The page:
What's the most endearing aspect of Air Hockey? Is it the rapid pace? The frantic mix of offence and defence? The unique floatiness of the puck? The smell of Chuck-E-Cheese pizza baking in the background? No; like most pseudo-sports found in arcades and questionable bars, the magic of Air Hockey lies in the spirit of competition that it can instantly stir up between friends. It's immediately accessible — anyone can pick it up in a manner of seconds—and, that being the case, it's one of the most fun and addicting arcade sports ever invented.
Well anyway, none of that really matters because you won't be playing All-Star Air Hockey with friends, online or off. While its core mechanics are solid enough, its baffling lack of multiplayer of any kind renders it a rather lazy and incomplete package.
To the game's credit, the actual gameplay is pretty good. Not “wow!” good, of course, but good in a “yep, this pretty much feels like air hockey” sort of way. Sliding your stylus around the screen will move your mallet (yes, that's what the slidey thing is called) and hitting it against the puck will... err... hit the puck. That's about it as far as controls are concerned, though its simplicity has some unintended consequences. Essentially, your stylus is your mallet, meaning it will magically appear wherever you tap on the screen. This can make things too easy sometimes, as the game (and therefore, the AI opponent) clearly expects you to slide the mallet around the table, and you don't necessarily have to.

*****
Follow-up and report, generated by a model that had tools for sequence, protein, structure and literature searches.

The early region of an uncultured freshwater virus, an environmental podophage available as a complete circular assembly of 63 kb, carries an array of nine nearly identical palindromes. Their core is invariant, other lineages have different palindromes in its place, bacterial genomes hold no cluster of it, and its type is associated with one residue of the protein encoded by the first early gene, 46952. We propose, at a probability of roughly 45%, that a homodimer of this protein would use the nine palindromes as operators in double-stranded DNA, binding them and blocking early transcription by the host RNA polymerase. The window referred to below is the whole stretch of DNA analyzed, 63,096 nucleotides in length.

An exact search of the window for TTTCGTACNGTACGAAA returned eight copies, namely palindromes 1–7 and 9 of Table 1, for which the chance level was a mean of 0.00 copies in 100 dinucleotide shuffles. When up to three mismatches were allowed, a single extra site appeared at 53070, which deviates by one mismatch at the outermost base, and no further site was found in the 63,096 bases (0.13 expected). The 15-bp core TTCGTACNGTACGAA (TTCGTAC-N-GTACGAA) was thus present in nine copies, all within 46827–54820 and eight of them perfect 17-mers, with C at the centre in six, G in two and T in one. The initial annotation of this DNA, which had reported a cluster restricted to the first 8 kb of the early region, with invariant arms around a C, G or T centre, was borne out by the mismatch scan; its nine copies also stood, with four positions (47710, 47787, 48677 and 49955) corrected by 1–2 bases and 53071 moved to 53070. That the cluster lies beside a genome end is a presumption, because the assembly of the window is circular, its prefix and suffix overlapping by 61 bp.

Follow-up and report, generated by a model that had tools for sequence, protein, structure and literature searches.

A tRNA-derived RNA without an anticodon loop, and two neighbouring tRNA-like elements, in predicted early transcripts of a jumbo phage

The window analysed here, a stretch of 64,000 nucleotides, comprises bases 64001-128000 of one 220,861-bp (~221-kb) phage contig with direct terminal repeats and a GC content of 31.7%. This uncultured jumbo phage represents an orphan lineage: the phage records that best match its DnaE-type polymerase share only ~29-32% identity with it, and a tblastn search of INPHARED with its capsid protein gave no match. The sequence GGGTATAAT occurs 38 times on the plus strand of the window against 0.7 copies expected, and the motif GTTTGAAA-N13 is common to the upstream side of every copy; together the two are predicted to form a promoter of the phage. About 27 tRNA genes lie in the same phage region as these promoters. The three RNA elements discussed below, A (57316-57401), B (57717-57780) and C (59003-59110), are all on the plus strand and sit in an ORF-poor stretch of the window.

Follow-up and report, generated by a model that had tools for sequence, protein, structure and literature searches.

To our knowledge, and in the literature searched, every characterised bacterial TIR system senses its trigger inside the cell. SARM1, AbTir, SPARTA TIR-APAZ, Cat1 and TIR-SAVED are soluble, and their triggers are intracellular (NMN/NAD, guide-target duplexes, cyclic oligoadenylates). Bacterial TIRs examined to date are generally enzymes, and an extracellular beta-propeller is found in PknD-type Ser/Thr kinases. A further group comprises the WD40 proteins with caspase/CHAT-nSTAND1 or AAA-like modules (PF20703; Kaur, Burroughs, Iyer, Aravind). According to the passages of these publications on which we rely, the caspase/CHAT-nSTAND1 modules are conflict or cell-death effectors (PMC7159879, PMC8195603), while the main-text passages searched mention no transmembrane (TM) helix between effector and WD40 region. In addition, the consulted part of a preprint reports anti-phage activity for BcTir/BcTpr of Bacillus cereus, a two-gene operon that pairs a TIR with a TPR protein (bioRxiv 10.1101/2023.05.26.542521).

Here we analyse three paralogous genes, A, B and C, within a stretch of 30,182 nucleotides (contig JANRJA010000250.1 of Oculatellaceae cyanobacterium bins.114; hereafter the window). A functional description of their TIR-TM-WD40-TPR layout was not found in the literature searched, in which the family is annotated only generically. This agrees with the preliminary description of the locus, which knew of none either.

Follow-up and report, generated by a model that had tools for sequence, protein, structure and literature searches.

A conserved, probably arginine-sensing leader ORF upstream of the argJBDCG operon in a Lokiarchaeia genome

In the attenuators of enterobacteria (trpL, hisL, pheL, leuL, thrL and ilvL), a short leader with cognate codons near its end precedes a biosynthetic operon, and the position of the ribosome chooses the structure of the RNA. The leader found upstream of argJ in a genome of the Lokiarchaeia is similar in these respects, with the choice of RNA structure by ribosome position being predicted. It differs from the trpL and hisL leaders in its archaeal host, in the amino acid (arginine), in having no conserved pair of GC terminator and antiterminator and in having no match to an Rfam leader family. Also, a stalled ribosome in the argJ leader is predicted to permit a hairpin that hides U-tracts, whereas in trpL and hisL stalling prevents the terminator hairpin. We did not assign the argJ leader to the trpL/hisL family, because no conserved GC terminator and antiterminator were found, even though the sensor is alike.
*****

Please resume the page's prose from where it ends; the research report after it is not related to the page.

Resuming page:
Of course the AI have their own unfair advantages as well. Most notably, they clearly have a huge leg-up when it comes to controlling the speed of the puck. The computer opponents have the ability to use their mallet to slow down the puck and move it about as they please. You, on the other hand, do not. Combine this with the fact that they are, in fact, AI and your chance of winning often feels like a crap shoot.
Once you get comfortable with your air hockey skills, you'll probably want to head off to tournament mode, where you can test your mallet-mashing bravado against the best in the world. And if you don't want to head to tournament mode, well then have fun in practice mode because it's your only other option. Tournament mode places you in, not surprisingly, a bracketed tournament against several other countries. None of the countries seem to have any real advantages over any other country, so your country of choice is rather inconsequential. You can beat the tournament in well under half an hour and after that you...um, well you play it again if you want to. Or you could play in practice mode some more. Fun.
There's not a whole lot to say about All Star Air Hockey. It's not bad enough to loath, it's not good enough to enjoy, and not expensive enough to make you really hate yourself for purchasing it. It is, simply put, a completely neutral gaming experience. The addition of multiplayer might have made it worth a look, but taken strictly as it is All-Star Air Hockey is really only recommended for gamers who simply can't go one more second without having air hockey on their DSi.